Auto servicers reported large numbers of pandemic-related payment assistance requests beginning in early March 2020. Many servicers expanded existing payment assistance programs to help borrowers who were having trouble making payments. The changes included waiving late fees, permitting non-delinquent as well as delinquent borrower enrollments, and providing longer payment deferrals.

The payment assistance programs generally offered loan payment deferment on a case-by-case basis, with most borrowers receiving a payment deferral period of three or more months. In the majority of cases, the payment deferments extended the loan term by the same number of months. Most servicers continued to charge interest during the deferral period.

Servicers generally suspended repossessions between mid-March and early-May 2020, because State stay-at-home orders halted repossession efforts. While some states may have imposed repossession moratoria, there was no Federal moratorium.

Consumer Risk

Examiners' review of auto loan servicers' PA responses indicated several issues that present risk of consumer harm, including the following:

Many servicers provided information to consumers about the impact of interest accrual during deferment periods on the final loan payment amount that might not have been sufficiently precise for consumers to understand how much their payments would increase. For example, consumers who would face final payments that were more than double their regular payments may not have reasonably anticipated this result when servicers described the final payment as “substantially larger than your regular monthly payment.” More specific information about the final payment may allow consumers to budget and plan for future large payments and mitigate the risks that consumer could not make that payment. Servicers have various options to better disclose the long-term payment obligations, such as estimating final payment amounts.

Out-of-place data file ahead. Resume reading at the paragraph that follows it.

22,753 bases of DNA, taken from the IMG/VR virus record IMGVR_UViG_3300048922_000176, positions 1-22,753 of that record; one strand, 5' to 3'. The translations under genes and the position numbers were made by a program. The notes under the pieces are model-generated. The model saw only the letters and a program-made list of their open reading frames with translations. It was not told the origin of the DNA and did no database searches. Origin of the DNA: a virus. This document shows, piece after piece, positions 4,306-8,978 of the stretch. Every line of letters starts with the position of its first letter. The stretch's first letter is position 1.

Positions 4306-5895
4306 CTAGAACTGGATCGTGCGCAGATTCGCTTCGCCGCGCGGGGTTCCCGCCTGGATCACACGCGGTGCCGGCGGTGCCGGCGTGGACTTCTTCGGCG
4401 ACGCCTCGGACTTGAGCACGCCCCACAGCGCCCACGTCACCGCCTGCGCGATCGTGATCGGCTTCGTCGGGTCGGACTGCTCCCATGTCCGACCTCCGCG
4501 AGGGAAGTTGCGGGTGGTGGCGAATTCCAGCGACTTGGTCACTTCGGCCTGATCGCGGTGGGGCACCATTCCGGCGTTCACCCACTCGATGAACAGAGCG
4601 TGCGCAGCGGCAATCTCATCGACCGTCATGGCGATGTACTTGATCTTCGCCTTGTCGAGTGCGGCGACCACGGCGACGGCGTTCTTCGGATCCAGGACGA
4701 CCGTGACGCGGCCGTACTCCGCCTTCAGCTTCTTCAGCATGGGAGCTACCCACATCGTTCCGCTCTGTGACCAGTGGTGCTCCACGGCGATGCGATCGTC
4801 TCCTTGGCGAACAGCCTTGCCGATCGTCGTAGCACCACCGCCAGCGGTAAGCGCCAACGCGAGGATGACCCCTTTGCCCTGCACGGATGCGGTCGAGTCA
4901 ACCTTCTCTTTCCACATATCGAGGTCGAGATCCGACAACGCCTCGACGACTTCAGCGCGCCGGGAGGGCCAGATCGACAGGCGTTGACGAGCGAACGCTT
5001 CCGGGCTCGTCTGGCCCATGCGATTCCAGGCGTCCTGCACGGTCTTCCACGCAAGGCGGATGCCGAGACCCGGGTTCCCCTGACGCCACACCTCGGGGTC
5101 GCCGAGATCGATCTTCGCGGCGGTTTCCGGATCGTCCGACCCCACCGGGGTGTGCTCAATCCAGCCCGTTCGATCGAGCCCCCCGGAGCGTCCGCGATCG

Some servicers continued to withdraw funds for monthly payments after servicers had agreed to deferments. And some servicers failed to process certain payment assistance requests.

One servicer sent borrowers notices warning them of possible repossession when, in fact, the servicers had suspended repossession operations during the relevant time period. This practice likely affected whether some borrowers, threatened by repossession, spent discretionary money on their car payments instead of other financial necessities during the pandemic.

3.3 Student Loan Servicing

Market Response to Consumers & Industry Challenges

The CARES Act provided certain student loan borrowers with a range of protections. It temporarily reduced interest rates to zero for all federal loans owned by the U.S. Department of Education (ED) and suspended monthly payments for most of these loans. To facilitate the suspension, servicers placed most loans in repayment status into an administrative forbearance. In addition, the suspended monthly payments are considered eligible payments toward the total number of qualifying payments necessary for forgiveness under the Public Service Loan Forgiveness program and various income-driven repayment plans. Servicers reported that between March and May 2020 the number of delinquent accounts in the William D. Ford Federal Direct Loan Program (Direct loans) decreased from 1.9 million to fewer than 150 accounts.